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VA Seeks To ‘Normalize’ Marijuana Conversations With Veteran Patients Though New Research Website



The Portland branch of the U.S. Department of Veterans Affairs (VA) is teaming up with an Oregon university on a new website that aims to provide resources to make healthcare providers “more comfortable” discussing marijuana treatment with patients.

While VA doctors are permitted to discuss cannabis with patients, many continue to feel reluctant to do so given that marijuana remains strictly prohibited under federal law and they’re barred from issuing medical cannabis recommendations that other non-VA doctors can provide in legal states.

To help assuage those concerns, Oregon Health & Science University’s (OHSU) Center for Evidence-based Policy and Portland VA launched an initiative last month called Systematically Testing the Evidence on Marijuana, or STEM. The website contains information about marijuana studies that have been published, others that are currently underway and additional general clinician resources for physicians.

“Providers have not become familiar with the health effects of cannabis,” principle investigator Devan Kansagara, a professor of medicine at OHSU and a staff physician at the Portland VA, said in a press release. “That’s partly because we’ve lacked the evidence we like to see when recommending treatments to patients, and partly because of a lack of familiarity with terminology and practical issues about cannabis.”

“The STEM site could help providers feel more comfortable discussing cannabis and help normalize conversations, similar to the process we have become so familiar with when talking to patients about alcohol use,” he said.

The new site doesn’t take a specific stand on whether cannabis should be integrated into treatment, but it does highlight news reports on studies showing potential therapeutic applications. It even featured a recent study indicating that cannabis compounds may be effective in preventing COVID infections.

“The new website is designed as an independent, methodologically rigorous resource primarily for health care workers,” a description says.

“The site features living systematic reviews that examine and update evidence about specific cannabis-related topics, such as treatment of chronic pain and post-traumatic stress disorder, exposure during pregnancy and cannabis use disorder. It includes a series of short, focused pieces called clinician briefs, which feature topics like cannabis for chronic pain or cannabis as a substitute for opioids in patients with chronic pain.”

As the site is developed, there are plans to expand it to include “patient-facing material” on cannabis.

VA has historically resisted various congressional legislation aimed at promoting research into marijuana for the military veteran population. Representatives have argued that the proposals from various lawmakers are excessively prescriptive, and they’ve noted ongoing clinical studies that the agency is already funding.

Some advocates had held out hope that the department would back modest reform proposals this session after the sponsor of one key VA research bill, Rep. Lou Correa (D-CA), said that he’d had a conversation with VA Secretary Denis McDonough about the issue of marijuana and veterans.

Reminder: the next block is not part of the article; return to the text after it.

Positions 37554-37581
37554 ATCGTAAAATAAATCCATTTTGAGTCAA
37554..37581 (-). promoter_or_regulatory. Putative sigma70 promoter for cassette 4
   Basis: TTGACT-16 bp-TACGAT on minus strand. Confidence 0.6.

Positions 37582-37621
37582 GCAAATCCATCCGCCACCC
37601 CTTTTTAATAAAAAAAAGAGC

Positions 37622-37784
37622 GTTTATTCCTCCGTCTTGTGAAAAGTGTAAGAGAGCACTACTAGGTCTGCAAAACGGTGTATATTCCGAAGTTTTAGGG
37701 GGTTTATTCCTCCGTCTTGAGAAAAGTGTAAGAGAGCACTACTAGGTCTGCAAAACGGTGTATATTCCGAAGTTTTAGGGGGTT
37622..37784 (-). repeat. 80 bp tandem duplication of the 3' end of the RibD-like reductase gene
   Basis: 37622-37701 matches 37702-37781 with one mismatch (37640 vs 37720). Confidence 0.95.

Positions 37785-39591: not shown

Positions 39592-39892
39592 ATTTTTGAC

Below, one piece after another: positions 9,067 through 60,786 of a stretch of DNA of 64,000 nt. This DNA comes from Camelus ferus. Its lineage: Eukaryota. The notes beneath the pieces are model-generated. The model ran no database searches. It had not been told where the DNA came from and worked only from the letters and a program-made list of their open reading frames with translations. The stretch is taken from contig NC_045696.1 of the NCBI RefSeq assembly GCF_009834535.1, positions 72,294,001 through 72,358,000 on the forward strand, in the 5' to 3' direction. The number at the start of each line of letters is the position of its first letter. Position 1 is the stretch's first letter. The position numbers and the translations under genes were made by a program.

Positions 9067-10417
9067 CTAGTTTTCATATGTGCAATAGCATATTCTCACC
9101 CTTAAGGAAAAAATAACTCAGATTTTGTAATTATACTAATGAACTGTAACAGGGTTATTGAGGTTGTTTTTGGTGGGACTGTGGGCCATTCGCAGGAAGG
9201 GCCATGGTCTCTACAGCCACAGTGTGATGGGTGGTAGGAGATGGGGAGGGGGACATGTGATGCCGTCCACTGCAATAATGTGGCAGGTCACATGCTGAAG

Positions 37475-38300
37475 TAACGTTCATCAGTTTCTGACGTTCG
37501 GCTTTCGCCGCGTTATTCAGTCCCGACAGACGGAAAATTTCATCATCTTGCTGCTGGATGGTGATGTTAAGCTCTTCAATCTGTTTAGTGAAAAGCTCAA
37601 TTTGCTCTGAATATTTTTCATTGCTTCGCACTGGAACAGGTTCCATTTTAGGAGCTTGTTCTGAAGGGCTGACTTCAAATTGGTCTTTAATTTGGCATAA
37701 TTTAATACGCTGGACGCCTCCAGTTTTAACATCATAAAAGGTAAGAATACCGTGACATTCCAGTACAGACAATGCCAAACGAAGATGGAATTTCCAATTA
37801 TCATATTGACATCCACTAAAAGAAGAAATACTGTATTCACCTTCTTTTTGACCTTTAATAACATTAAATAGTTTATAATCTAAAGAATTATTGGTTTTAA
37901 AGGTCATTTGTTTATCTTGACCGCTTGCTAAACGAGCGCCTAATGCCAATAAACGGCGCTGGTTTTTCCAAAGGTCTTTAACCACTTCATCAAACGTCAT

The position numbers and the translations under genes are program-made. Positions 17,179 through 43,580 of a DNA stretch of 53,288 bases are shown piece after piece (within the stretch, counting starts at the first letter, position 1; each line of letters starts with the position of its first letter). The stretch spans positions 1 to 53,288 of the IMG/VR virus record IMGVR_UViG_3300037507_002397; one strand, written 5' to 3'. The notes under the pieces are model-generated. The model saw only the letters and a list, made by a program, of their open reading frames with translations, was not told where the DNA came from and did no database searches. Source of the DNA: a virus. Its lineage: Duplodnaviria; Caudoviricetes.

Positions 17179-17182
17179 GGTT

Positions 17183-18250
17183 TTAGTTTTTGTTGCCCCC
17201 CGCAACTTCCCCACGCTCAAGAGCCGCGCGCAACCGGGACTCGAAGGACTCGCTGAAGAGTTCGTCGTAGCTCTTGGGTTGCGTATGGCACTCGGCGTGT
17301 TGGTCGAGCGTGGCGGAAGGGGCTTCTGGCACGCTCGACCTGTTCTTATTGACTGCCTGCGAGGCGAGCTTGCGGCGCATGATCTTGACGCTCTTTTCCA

In December, a VA researcher acknowledged that people with post-traumatic stress disorder (PTSD) who use marijuana experience fewer symptoms and recover more quickly compared to people who don’t use cannabis.

Another VA official said in September that the department is “very closely” following research into the potential therapeutic benefits of psychedelics like MDMA for military veterans with PTSD.

During joint hearings before House and Senate Veterans Affairs Committees last year, three veterans service organizations submitted written testimony backing a policy change to expand access to or increase research on medical cannabis, and one argued in favor of loosening restrictions to enable veterans to utilize psychedelics in their mental health treatment.

A federal commission tasked with developing recommendations to improve mental health treatment for military veterans determined in a report in 2020 that Congress and the executive branch should promote research into the therapeutic potential of marijuana and psychedelics such as psilocybin mushrooms and MDMA.

Separately, a bipartisan coalition of congressional lawmakers said in a letter to McDonough that the department must urgently institute a policy change to ensure that military veterans can access cannabis for therapeutic use.

The letter came weeks after McDonough participated in a Veterans Day Q&A where he said that VA officials are “looking at” the possibility of an internal policy change and have discussed it with the White House and Department of Justice. The secretary also talked about being personally moved by stories from veterans who’ve found relief using medical marijuana.

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Kyle Jaeger is Marijuana Moment's Sacramento-based managing editor. His work has also appeared in High Times, VICE and attn.


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